Just as I began to convince myself that maybe a diaperless baby was the new way of dealing wih potty-training, I felt a warm sensation spread across my lap from one end to the other. I looked down, a bit surprised, and saw the culprit: a beautiful, towel-wrapped baby, making sweet little noises, and looking off into the distant. I lifted the wet bundle with my arms, held her out so she could see me, and jokingly asked, "so that's what you think of your old man?" She simply turned her head to the side, as if to reply, "yeah, what of it?"
I know enough about child rearing to know that newborn infants cannot reason, cannot play games, cannot express emotions (unless you count pain or hunger or sleepiness and those kind of basic instincts, as emotions). Regan, I reason with myself, could not have meant for any of those things to have happened that day. What is more likely is that she was expressing her queenly--and instinctual--personality on that day, making it as clear as she could, that she was destined for greatness.
Regardless of its meaning, the story of Regan peeing on her father has become a bit of a family legend in the Dodd Squad annals. And I'd gladly have her pee on me ten times more--only as an infant, of course--if if that's the price we had to pay for getting our Regan in our family! She's a wonderful daughter, a beautiful girl, and one of the reasons I think life is worth living!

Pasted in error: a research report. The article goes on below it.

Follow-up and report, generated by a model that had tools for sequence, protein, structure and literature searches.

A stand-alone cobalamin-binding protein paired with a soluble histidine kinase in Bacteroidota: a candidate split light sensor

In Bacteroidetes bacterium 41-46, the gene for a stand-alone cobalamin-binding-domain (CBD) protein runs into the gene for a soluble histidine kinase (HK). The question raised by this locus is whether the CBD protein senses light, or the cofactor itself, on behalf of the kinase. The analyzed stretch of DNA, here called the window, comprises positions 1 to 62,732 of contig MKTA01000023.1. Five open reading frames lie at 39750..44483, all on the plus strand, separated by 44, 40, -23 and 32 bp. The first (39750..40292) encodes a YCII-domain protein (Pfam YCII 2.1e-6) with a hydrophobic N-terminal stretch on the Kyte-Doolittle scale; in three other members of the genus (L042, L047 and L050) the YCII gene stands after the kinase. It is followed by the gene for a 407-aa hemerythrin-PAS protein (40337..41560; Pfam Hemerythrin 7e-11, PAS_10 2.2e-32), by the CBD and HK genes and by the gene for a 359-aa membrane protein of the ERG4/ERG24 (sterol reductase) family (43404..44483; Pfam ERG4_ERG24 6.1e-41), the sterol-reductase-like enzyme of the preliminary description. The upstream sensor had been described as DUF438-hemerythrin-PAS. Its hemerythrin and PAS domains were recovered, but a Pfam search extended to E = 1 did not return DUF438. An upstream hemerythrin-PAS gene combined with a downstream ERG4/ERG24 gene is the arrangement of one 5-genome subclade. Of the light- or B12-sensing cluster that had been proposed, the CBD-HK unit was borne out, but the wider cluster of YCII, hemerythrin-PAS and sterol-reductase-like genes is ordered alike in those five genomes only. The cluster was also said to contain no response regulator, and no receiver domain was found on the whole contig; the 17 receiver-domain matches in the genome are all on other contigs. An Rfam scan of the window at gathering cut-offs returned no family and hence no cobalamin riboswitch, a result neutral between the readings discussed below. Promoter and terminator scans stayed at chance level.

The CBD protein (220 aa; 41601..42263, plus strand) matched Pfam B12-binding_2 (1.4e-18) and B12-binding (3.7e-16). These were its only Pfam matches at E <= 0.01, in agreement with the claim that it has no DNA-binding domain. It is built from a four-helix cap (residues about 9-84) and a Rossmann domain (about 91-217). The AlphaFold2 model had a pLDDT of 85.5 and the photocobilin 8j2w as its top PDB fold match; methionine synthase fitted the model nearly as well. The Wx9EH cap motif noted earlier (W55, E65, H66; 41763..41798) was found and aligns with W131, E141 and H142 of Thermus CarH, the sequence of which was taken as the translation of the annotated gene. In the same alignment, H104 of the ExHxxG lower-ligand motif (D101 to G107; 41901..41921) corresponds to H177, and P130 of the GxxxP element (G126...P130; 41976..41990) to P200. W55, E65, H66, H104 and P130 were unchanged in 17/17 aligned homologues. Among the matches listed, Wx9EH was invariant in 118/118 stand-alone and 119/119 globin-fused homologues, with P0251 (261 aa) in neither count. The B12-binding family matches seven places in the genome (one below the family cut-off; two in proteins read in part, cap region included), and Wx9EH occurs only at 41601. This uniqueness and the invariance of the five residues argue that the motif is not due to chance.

As for me, the pain medication has worked, I'm eating more, and the nausea has subsided. I think I have more emotional energy, if not physical energy. Indeed, I am having trouble walking from one room to another these days.
My folks come to town tomorrow, then Kelly and I go to Chicago for a Friday followup appointment with Dr. Richards. If all goes well, or as well as can be expected, then the goal is for Kelly and I to take a couple-days for a romantic getaway at a B&B in western Wisconsin. Mom and Dad agreed to watch the kids here at our house as they burn off energy in those last few days before school starts on Sept. 2.
Till next time, happy birthday Regan!